Postmortem analyses of vitreous fluid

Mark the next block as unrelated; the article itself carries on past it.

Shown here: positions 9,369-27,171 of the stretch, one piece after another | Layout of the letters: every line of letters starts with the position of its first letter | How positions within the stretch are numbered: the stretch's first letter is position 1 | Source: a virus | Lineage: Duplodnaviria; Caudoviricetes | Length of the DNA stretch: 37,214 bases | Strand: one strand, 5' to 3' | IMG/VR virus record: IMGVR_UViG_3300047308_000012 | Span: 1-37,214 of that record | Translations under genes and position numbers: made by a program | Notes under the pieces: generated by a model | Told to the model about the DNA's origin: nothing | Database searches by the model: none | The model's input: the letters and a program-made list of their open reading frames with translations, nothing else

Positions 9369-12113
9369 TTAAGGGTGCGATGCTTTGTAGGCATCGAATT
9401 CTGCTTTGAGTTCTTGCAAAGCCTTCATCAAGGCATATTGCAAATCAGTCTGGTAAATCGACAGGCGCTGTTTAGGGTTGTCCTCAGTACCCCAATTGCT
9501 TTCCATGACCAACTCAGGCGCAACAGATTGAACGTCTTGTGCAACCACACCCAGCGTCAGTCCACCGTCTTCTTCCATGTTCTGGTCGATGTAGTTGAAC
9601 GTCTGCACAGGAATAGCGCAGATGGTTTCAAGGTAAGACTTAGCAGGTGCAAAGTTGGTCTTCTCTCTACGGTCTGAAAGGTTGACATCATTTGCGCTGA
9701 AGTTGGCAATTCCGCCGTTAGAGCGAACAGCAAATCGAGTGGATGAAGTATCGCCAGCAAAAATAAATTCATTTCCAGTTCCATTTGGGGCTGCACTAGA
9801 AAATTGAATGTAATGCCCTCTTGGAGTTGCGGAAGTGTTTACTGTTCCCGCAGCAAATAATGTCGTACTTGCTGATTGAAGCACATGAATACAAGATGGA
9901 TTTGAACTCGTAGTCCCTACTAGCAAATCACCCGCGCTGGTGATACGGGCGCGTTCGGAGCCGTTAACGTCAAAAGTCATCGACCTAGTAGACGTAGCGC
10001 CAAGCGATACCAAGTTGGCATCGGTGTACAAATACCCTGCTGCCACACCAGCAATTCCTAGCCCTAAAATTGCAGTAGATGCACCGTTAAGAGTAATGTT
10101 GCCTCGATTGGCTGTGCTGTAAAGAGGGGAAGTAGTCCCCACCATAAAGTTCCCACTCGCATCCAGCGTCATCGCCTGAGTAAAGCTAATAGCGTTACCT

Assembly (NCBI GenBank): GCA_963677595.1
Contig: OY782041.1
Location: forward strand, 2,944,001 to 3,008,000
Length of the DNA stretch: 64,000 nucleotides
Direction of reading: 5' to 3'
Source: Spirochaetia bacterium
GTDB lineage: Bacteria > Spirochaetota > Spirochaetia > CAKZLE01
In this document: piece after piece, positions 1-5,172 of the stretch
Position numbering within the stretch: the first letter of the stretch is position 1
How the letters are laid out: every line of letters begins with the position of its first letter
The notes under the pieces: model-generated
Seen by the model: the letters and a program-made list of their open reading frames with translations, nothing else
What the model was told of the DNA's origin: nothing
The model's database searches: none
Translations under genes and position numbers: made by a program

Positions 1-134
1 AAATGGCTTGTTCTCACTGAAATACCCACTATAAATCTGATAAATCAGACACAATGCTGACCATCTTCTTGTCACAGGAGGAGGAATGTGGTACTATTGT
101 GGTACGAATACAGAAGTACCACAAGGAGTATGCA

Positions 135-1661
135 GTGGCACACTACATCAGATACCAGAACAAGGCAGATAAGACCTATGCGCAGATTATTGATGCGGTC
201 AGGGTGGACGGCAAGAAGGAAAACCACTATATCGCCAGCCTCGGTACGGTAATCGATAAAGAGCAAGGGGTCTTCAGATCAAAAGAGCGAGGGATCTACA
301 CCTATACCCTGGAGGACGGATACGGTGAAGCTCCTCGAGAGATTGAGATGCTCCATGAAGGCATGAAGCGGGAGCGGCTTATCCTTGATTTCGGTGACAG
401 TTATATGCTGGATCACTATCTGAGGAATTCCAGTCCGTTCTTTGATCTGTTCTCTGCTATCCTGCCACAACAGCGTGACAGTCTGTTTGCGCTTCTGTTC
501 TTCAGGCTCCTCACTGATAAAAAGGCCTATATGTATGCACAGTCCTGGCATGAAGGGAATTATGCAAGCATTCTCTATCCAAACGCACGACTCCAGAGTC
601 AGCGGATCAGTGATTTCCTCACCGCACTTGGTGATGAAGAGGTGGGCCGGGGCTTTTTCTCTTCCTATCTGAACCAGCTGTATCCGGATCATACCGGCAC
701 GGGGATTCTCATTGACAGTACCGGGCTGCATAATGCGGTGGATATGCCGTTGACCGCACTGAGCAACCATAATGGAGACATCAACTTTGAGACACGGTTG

Sammanfattning: The identification of various various medical conditions postmortem is often difficult. Results from analysis of postmortem blood and urine samples are not as appropriate as in living subjects, due to bacterial contamination and postmortem cell degradation. Therefore, vitreous humour – the fluid in the eyeball – has been of substantial value in forensic pathology. Vitreous fluid is easily collected, isolated, and almost bacteria- and cell free, and shows relatively stable conditions after death, making it a better matrix for postmortem biochemical analyses than e.g. blood and serum. Although postmortem analyses of vitreous fluid have been studied quite extensviely, there are still many unanswered questions. Vitreous fluid from over 3,000 deceased subjects were consecutivley collected and analysed for glucose, lactate, pH, electrolytes and gas pressures. Paper I focuses on the postmortem diagnosis of hyperglycemia. We show that vitreous glucose levels decrease the first 12-24 hours after death and are relatively stable after that. We also suggest that lactate should not be used to diagnose antemortem hyperglycemia, due to massive lactate increase from other sources – instead, glucose alone should be used. A vitreous glucose level of 10 mmol/L indicates severe antemortem hyperglycemia. In paper II, we studied the postmortem increase in vitreous potassium levels, which can be used to estimate the time of death. Our results show that postmortem potassium levels are affected by the surrounding temperature and the age of the deceased. We have developed a new equation for the estimation of the time of death that includes potassium, surrounding temperature and decedent age. To facilitate the calculation for the user, we have developed a web application. Paper III deals with the interpretation of postmortem vitreous sodium and chloride levels. We show that vitreous sodium and chloride levels slowly decrease with time of death. Postmortem vitreous sodium and chloride levels correlate well with antemortem serum sodium and chloride levels if corrected for time since death, and may be used to diagnose various antemortem sodium/chloride imbalances, such as dehydration or water intoxication. Sodium imbalances in cases of drownings are most likely due to postmortem diffusion between water and vitreous, rather than the drowning process.

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